So, another one bites the dust as Gini Wijnaldum becomes the latest to jump from our long-sunken ship, moving from Newcastle United to Liverpool in a £25m pound deal.

The Reds have a particular history of stealing genuine fan favourites from us: Peter Beardsley to Andy Carroll, Terry McDermott to Albert Stubbins.

While I doubt the positive spirit surrounding SJP will evaporate as a result of Gini’s departure, when some players who have genuinely given me joy in recent times depart, it is hard to not feel a tinge of sadness or even, more commonly, anger. He was brilliant at times in a pretty awful team last year, even if inconsistent he did score some brilliant goals, his third against Norwich particularly stands out.

It would be accurate to describe him as one of those genuinely exciting players that can raise a crowd to its collective feet. We need those players, it keeps it interesting. Now though he has gone, moving straight back into the Premier League with the Reds. It is one of the unavoidable truths of being a football supporter, sooner or later, our heroes all move on.

The summer after relegation is obviously a time when the departure lounge is particularly busy, and many would say rightly so.

So far we have already waved off Coloccini, Steven Taylor, Obertan, Marveaux, Cisse, and sadly, Andros Townsend, with Holland midfielder Wijnaldum the latest name to add to the list. In most cases the words ‘good riddance’ immediately sprung to mind, but with Townsend and Gini I felt genuinely disappointed, if not surprised.

They were two of the few players that actually came out of last season with some credit and the times I came out of St James Park in a good mood, it was usually because of their efforts. Additionally, neither man was at the club that long, leaving a feeling of what might have being, which probably contributed to the disappointment of losing them.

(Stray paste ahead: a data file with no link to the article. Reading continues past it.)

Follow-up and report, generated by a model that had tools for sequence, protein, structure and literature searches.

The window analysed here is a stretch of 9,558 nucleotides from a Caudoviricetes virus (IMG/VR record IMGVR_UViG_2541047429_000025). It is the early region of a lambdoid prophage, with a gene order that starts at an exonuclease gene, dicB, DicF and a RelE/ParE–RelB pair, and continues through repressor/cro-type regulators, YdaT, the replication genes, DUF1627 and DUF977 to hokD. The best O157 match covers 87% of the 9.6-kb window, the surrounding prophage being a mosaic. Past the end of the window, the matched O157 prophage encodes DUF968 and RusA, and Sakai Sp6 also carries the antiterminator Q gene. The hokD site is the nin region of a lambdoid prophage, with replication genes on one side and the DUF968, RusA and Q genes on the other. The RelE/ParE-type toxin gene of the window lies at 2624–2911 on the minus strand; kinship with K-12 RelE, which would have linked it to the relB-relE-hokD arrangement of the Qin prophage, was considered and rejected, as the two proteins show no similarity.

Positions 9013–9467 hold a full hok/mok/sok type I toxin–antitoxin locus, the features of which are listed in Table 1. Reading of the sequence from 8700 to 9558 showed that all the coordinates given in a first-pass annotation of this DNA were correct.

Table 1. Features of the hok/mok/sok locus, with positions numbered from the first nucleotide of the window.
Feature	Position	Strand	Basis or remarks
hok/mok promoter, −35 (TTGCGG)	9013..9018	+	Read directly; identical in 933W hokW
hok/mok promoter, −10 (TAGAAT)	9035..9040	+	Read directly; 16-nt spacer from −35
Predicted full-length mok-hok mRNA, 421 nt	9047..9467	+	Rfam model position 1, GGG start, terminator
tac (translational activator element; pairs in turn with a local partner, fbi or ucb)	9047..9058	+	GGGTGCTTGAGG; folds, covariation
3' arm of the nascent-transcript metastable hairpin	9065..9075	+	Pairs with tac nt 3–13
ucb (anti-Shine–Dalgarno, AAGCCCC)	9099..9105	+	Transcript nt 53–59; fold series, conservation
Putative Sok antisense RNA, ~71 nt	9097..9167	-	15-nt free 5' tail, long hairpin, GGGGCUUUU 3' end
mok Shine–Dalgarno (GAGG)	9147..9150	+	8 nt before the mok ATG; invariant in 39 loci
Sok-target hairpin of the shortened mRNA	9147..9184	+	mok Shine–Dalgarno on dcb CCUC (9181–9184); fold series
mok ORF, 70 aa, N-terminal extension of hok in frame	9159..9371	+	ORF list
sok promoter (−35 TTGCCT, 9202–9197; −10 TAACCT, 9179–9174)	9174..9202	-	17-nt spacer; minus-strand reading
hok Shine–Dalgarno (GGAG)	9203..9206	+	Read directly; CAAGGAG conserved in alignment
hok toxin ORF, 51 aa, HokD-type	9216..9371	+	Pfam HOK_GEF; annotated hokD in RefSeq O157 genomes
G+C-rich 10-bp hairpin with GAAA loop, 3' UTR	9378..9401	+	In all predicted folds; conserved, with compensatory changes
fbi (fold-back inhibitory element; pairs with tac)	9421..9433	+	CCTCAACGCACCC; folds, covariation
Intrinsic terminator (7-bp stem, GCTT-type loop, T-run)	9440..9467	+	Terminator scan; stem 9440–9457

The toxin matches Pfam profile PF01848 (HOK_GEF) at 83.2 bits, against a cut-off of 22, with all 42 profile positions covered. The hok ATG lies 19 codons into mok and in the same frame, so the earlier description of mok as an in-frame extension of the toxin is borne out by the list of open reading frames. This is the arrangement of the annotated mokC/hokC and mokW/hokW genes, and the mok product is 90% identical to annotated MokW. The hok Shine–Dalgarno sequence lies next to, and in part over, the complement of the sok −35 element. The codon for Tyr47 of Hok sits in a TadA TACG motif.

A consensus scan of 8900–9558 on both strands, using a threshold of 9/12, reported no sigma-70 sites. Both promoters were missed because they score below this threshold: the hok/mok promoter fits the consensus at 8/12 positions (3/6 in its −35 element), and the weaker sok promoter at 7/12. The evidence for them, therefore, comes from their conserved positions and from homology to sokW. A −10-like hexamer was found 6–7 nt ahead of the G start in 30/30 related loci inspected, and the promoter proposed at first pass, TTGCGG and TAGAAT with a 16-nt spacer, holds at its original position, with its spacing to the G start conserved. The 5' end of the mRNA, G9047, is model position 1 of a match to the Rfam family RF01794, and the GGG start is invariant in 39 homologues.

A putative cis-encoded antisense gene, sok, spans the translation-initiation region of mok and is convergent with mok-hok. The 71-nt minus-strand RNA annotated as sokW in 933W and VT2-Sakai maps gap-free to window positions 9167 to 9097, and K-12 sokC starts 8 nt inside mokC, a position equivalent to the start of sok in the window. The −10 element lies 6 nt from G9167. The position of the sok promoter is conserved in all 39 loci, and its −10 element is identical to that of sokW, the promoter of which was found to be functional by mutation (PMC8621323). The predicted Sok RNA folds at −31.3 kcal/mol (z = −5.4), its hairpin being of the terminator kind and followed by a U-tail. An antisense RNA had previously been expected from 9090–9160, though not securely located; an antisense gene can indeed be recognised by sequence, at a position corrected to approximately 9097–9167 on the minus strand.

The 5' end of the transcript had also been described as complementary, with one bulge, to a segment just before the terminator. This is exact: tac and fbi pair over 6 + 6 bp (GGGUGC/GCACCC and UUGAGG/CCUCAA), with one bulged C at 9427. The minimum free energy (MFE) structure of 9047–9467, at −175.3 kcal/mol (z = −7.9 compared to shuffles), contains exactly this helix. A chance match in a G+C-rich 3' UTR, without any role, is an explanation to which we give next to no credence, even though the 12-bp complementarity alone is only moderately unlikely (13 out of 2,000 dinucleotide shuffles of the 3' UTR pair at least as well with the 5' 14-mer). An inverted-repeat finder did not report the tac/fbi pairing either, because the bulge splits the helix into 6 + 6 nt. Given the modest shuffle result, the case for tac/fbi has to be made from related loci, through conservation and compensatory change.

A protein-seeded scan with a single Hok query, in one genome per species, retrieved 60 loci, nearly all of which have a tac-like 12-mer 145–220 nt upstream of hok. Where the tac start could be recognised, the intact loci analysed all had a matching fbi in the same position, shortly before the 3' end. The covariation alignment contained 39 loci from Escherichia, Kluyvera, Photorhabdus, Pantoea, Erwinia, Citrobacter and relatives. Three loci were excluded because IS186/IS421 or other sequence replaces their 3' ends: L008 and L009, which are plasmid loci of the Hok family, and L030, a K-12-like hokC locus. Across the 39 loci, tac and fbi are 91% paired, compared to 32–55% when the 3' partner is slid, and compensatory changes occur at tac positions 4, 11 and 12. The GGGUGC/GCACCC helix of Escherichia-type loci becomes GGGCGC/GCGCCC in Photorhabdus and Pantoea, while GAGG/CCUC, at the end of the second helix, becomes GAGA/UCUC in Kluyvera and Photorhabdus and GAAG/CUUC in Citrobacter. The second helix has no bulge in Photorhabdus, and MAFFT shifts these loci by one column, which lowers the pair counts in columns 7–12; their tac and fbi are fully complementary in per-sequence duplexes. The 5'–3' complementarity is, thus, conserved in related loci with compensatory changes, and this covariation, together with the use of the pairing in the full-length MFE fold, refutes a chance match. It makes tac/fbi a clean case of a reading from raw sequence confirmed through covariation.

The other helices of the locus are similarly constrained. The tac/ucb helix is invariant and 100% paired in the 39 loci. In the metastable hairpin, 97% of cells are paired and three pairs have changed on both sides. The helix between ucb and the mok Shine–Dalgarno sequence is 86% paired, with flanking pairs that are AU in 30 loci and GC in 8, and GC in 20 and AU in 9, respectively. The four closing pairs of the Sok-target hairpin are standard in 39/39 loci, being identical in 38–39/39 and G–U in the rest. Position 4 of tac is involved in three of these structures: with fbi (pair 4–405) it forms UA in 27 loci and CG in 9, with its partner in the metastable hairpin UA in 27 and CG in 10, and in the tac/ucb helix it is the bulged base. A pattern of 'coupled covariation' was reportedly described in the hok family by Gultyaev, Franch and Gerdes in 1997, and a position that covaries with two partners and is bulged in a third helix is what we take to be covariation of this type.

Where though, do these sales rank when compared to others from over the years. Does one Newcastle United export stand out as particularly crushing?

The obvious pick is Andy, nowadays, Andrew Cole. The star player of the team and owner of the number nine shirt, leaving for one of our biggest rivals at the time in Manchester United, certainly in terms of a dramatic departure, it’s hard to top. Especially when you throw in the memorable scene of Keegan explaining the decision to sell, to disgruntled Mags at the ground.  Cole may have been in lethal goal-scoring form but as shocking as that departure was, does that mean it was most painful? I am unsure.

What also needs to be recounted is that within a matter of months Keegan went on an unprecedented spending spree which included signing Les Ferdinand, Cole’s replacement, who went on to score 29 goals in his first season. Cole’s loss may have been awful at the time, but became less significant not long after.